Private Eyes OSINT


The People’s Liberation Army (PLA) is using new collection, processing, and analysis technologies to exploit the massive amount of open-source information1 available from the internet and other sources
for military intelligence purposes. A growing ecosystem of private companies, state-owned enterprises, state-run research organizations, and universities is supporting the PLA’s push to leverage open-source intelligence2 (OSINT) by providing research services, platforms, and data. China’s military and defense industries are using automated web crawlers, algorithms, machine learning, artificial intelligence, and other tools to extract intelligence from foreign governments, militaries, social media platforms, news media organizations, companies, research organizations, and individuals. The PLA very likely employs OSINT alongside other, more sensitive forms of intelligence to support decision-making at the strategic,
operational, and tactical levels. The PLA’s use of OSINT very likely provides it an intelligence advantage, as the West’s open information environment3 allows the PLA to easily harvest large quantities of open-source data, whereas Western militaries must contend with China’s closed information environment. This report offers an overview of Chinese views on military OSINT, details how the PLA applies and collects OSINT, and profiles several private companies that provide OSINT to the PLA.

Key Findings

  • The PLA almost certainly views OSINT as an increasingly valuable source of military intelligence that can support decision-making and necessitates the use of new collection, processing, and analysis technologies, which the PLA and China’s defense industry are actively developing.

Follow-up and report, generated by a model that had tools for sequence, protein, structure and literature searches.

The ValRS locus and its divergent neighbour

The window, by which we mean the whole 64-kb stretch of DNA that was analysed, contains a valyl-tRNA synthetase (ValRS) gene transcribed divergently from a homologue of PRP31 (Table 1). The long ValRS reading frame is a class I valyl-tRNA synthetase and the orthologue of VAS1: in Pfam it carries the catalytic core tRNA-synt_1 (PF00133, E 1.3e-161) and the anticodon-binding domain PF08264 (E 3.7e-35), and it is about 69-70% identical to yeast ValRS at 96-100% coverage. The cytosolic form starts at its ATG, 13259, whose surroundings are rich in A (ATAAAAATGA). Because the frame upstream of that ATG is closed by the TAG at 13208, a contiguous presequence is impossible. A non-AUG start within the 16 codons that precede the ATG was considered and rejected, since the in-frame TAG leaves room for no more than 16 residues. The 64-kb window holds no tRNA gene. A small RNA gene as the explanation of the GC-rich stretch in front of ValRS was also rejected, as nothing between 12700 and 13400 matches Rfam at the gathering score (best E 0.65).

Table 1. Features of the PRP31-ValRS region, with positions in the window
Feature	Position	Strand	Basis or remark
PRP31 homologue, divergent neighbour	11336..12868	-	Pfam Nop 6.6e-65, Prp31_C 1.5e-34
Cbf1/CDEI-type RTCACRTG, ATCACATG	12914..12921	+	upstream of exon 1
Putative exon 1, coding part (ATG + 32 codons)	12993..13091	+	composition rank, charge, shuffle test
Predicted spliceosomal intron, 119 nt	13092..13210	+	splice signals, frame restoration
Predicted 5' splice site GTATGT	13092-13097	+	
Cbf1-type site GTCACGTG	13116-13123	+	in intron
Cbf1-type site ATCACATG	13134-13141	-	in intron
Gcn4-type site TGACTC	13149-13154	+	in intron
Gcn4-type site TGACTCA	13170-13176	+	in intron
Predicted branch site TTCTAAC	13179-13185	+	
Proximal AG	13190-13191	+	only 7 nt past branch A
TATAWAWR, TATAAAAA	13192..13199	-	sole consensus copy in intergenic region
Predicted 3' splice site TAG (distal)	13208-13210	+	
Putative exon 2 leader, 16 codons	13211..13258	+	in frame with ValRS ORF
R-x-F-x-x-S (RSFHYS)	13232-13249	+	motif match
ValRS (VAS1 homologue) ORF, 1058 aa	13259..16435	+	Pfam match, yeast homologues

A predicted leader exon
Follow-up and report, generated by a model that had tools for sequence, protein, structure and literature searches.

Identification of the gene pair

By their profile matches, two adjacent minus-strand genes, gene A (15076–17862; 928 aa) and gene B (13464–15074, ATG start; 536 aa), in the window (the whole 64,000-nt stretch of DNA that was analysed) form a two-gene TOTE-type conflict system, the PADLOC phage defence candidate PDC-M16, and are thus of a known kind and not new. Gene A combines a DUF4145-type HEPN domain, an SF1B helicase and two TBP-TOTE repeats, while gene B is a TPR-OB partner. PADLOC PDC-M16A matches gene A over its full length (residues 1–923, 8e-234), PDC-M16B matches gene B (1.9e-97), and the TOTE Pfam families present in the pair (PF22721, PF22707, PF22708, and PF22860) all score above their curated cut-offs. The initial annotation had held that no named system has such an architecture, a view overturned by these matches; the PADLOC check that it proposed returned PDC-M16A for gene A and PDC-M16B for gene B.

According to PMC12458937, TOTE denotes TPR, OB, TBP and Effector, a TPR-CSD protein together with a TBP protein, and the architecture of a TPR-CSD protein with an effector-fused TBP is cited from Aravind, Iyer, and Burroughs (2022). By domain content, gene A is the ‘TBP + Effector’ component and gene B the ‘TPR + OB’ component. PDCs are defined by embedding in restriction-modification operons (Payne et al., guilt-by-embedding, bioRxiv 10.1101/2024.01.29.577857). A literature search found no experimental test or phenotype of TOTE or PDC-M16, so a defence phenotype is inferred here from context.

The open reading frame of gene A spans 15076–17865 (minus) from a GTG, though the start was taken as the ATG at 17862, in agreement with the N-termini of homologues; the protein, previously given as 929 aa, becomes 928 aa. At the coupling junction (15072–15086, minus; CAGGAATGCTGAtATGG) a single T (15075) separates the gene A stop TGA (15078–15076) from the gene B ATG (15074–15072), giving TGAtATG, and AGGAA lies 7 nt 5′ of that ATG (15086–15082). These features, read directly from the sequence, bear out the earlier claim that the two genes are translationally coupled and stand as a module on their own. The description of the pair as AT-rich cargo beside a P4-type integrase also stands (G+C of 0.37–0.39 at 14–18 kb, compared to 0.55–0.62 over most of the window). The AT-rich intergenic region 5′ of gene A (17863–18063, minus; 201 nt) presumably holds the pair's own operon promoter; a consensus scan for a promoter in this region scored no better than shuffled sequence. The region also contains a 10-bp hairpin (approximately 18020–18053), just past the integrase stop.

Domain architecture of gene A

• The PLA uses OSINT to gain insight into foreign military capabilities, facilities, doctrine, decision-
    making, weapons, equipment, science and technology, exercises, training, intelligence, and
  • deployments, which very likely helps the PLA prepare for future conflicts.
  • In an effort to leverage external capabilities and expertise, the PLA increasingly acquires OSINT research and analysis services, platform and database products, and remote sensing data from private Chinese companies as well as from Chinese state-owned enterprises, state-run research organizations, and universities.
  • The PLA and China’s defense industry almost certainly take advantage of other countries’ open information environments to extract OSINT from foreign governments, militaries, universities, defense industry companies, scientific research organizations, think tanks, news media outlets,
    social media platforms, forums, individuals, commercial data providers, print media, radio broadcasts, satellites, and other sources.
  • The PLA very likely tries to learn from other countries’ OSINT programs while also seeking to prevent foreign countries from collecting military OSINT from Chinese sources, which very likely helps preserve the PLA’s advantage over the West in OSINT.

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